Wednesday, July 01, 2020
"It’s exceedingly difficult to believe that no one told the president about the intelligence on Russian efforts to harm Americans in Afghanistan.
Ms. Rice is a former national security adviser.
Wreckage at the site of an attack in April 2019 in which three American service members were killed near Bagram Air Base in Afghanistan.
Since at least February, and possibly as early as March 2019, the United States has had compelling intelligence that a committed adversary, Russia, paid bounties to Taliban-linked fighters to kill American troops in Afghanistan. American service members were reportedly killed as a result.
To this day, the president of the United States has done nothing about it.
Instead, President Trump dismissed the intelligence as not “credible” and “possibly another fabricated Russia hoax, maybe by the Fake News” that is “wanting to make Republicans look bad!!!”
Mr. Trump also claimed that neither he nor Vice President Mike Pence was ever told about this critical intelligence before it was first reported in The New York Times. Setting aside for a moment the credulity of that claim, whenever the president learned of this deeply troubling intelligence, why did he not publicly condemn any Russian efforts to kill American soldiers and explore options for a swift and significant U.S. response?
None of this adds up.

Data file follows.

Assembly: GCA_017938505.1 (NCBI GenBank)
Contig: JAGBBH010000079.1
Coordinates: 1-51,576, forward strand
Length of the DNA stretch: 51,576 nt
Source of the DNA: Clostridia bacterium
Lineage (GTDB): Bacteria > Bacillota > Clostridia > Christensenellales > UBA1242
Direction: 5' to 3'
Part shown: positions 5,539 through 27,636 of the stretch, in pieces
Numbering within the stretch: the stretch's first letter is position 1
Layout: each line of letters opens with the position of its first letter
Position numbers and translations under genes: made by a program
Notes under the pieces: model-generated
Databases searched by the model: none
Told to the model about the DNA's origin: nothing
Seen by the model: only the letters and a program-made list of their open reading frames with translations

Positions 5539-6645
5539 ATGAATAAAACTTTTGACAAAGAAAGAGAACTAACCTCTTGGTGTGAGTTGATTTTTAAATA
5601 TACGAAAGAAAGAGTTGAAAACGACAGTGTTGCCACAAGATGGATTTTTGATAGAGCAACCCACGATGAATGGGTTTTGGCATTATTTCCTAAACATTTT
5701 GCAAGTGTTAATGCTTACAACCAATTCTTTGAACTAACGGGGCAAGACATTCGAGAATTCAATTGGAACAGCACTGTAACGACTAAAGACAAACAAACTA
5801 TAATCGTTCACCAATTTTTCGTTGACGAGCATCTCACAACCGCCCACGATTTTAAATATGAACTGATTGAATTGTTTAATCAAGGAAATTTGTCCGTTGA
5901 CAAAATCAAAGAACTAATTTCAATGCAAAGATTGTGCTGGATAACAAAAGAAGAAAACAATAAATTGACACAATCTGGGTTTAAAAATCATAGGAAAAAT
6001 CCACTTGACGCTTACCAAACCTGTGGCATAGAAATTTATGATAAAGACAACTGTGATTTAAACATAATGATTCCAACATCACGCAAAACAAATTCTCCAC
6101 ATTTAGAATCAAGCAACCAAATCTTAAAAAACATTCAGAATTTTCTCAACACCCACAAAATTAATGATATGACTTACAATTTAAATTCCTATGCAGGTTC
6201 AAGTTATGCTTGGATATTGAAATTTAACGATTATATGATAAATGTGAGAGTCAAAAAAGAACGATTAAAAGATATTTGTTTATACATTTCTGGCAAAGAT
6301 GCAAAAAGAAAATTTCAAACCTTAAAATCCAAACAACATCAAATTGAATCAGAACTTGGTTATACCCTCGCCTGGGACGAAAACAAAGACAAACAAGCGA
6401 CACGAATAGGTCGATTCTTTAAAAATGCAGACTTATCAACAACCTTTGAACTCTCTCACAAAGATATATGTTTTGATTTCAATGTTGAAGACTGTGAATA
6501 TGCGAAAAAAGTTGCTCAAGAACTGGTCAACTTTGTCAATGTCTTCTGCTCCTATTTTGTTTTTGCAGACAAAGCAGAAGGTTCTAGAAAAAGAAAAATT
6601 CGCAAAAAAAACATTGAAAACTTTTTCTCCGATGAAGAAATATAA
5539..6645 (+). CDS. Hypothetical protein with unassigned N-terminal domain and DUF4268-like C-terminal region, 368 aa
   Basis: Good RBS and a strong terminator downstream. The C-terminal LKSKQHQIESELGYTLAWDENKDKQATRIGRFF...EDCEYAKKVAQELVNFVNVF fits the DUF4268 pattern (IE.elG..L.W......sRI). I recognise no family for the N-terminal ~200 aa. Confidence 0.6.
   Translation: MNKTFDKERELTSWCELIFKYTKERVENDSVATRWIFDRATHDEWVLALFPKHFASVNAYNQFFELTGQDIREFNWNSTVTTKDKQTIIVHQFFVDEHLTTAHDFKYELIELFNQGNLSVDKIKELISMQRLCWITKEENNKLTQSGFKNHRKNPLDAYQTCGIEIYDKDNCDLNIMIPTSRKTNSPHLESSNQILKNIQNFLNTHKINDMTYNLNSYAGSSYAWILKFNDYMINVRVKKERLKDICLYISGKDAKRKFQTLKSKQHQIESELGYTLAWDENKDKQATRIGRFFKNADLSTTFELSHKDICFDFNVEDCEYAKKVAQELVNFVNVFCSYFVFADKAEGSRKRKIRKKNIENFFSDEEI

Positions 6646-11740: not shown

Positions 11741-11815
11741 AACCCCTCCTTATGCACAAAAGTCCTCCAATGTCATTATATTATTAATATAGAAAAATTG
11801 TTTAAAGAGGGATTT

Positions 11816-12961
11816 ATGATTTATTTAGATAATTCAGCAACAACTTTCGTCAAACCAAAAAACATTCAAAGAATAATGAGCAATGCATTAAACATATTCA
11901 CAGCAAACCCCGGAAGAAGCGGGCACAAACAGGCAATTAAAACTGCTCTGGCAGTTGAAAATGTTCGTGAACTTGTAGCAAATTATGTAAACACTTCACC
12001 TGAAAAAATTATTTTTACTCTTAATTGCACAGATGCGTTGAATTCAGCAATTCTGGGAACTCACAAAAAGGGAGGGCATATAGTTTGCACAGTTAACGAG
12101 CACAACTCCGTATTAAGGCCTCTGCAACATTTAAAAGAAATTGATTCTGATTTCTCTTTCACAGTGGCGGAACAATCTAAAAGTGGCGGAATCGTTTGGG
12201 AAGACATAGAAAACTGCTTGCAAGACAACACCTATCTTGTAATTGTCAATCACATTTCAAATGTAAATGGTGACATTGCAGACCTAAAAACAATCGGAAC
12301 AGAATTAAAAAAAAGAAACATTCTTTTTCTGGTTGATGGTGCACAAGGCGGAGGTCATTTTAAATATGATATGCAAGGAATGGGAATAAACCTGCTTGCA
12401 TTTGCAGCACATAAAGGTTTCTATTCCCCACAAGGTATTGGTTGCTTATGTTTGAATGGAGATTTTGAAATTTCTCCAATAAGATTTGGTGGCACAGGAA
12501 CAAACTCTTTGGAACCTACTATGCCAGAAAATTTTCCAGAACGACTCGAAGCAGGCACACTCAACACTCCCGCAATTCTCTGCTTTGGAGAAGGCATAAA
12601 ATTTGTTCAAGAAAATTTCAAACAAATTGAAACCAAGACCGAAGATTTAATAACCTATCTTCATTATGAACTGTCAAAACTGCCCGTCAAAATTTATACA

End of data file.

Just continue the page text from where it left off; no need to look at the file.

As a former national security adviser, I find it exceedingly difficult to believe that no one told Mr. Trump about this intelligence.
It was reportedly contained in the president’s daily briefing, which is provided to all top-level national security officials. Even if Mr. Trump does not bother regularly to read the daily briefing, we must assume others do. If the president’s senior advisers — Robert O’Brien, the national security adviser; Richard Grenell, who stepped down in May as acting director of national intelligence; and Secretary of Defense Mark Esper, among others — thought it was unnecessary to inform the commander in chief of this life-or- death matter, then they are not worthy of service.
White House officials claim that it would be improper to inform the president of such information until it is fully verified and options for the U.S. response had been prepared. Yet, the administration reportedly informed the British government, and the National Security Council convened an interagency meeting in March to discuss the intelligence and its implications.
Here’s what should have happened. Had I, as national security adviser, received even “raw” reporting that Russia was paying to kill U.S. service members, I would have walked straight into the Oval Office to brief the president.
Contrary to the spin-masters in the White House today, I would not have waited until we had absolute certainty. I would have said, “Mr. President, I want to make sure you are aware that we have troubling reporting that Russia is paying the Taliban to kill our forces in Afghanistan. I will work with the intelligence community to ensure the information is solid. In the meantime, I will convene the national security team to get you some options for how to respond to this apparent major escalation in Russia’s hostile actions.”